At Auto Europe Australia we might be a little bias, but we think that Tasmania has the best combination of culture, heritage, fresh produce and an abundance of protected natural scenery to make for some unforgettable road trips.
While we've known for a long time, the rest of the world might just be finding out just how awesome Tasmania is.
The travel visionaries over at the Lonely Planet pick their top 10 countries, regions and cities each year with an expert panel and a treasure chest of experiences. For this year's Best in Travel, Tasmania sits snugly in fourth place for the best regions to pay a visit in 2015. Sitting up with the likes of the Atacama Desert in Chile and Gallipoli on the coast of Turkey is an achievement. If you're wondering how Tassie's done it; lets us show you in a 250 kilometre road trip from Launceston to Freycinet National Park via St Helens.
Launceston is the state's second largest city and one of Australia's oldest, being founded as a city in 1806 by European settlers: And there is plenty of Victorian and Georgian architecture in the city centre to prove it. In a show of forward thinking, town planners ruled that to protect this early-modern vibe, most of the buildings in the city centre are below 5 stories.
If you feel like seeing some record breaking transportation, just over a kilometre from the city at Cataract Gorge is the world's longest single span chairlift. That in itself is probably not a great reason to visit, but the scenery below the chairlift and around the beautiful gorge, gardens and bushland sure is. Head out from Launceston on the A3 over to St Helens. This fishing village in the shores of George Bay inlet is great for those who want to wet a line, but also gives an insight to the regions' Aboriginal and Chinese heritage in the History Showroom.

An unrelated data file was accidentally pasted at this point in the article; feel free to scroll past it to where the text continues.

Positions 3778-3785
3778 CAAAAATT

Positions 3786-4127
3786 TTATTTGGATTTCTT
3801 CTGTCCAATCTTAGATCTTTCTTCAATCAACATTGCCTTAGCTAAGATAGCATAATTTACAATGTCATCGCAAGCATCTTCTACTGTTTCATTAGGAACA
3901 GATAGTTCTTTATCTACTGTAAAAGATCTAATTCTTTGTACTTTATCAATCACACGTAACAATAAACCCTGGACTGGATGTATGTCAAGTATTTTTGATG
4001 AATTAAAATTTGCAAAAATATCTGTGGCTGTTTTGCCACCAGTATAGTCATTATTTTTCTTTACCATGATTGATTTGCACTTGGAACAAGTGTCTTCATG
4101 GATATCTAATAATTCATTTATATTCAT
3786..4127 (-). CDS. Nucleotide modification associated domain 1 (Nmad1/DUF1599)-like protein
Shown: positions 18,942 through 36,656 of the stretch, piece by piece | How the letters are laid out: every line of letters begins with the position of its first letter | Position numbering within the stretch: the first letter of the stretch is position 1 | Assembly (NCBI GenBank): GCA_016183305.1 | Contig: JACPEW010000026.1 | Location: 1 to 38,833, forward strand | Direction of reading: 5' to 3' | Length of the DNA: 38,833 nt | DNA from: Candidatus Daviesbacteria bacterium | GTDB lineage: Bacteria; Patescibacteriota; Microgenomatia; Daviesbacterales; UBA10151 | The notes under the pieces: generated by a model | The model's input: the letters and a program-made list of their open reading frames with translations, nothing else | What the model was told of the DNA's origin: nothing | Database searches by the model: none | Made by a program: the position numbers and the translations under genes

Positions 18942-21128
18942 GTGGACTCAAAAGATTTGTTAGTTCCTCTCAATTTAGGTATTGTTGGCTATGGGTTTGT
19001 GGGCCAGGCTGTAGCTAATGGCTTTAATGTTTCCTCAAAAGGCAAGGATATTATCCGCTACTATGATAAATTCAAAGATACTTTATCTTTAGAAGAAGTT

See some of the Green State's natural assets in the white beaches of Binalong Bay to the north. Then put on the hiking boots to explore some of the more than 800 nature reserves that help to protect the unique natural landscapes and ecosystems.
Leaving St Helens means the countdown is on to reach one of Tasmania's most photographed views. Freycinet is situated on the east coast of the island and the peninsula is almost entirely recognised as one of Tasmania's oldest national parks. The short trek to the Wineglass Bay lookout is worth it to see the clear blue bay encased by the pink granite peaks of the Hazards. The best times to visit are sunrise and sunset, but with 300 days of sunshine per year, there's never a bad season to visit.
Tasmania has a reputation for being outdoorsy, so work off the meals of wild abalone, waygu beef, Leatherwood honeys, artisan cheeses and craft beers - maybe not in the same sitting, but each to their own - with a longer hike around the Freycinet National Park.
From Freycinet National Park it's a reasonable 3 hour drive with stopping time for a quick coffee and photos to reach Hobart. If time allows, close the loop and head through the heart of Tasmania via the Great Lake and back up to Launceston.
If you are planning a self drive holiday around Tasmania, give us a call on 1300 656 601 or contact us online.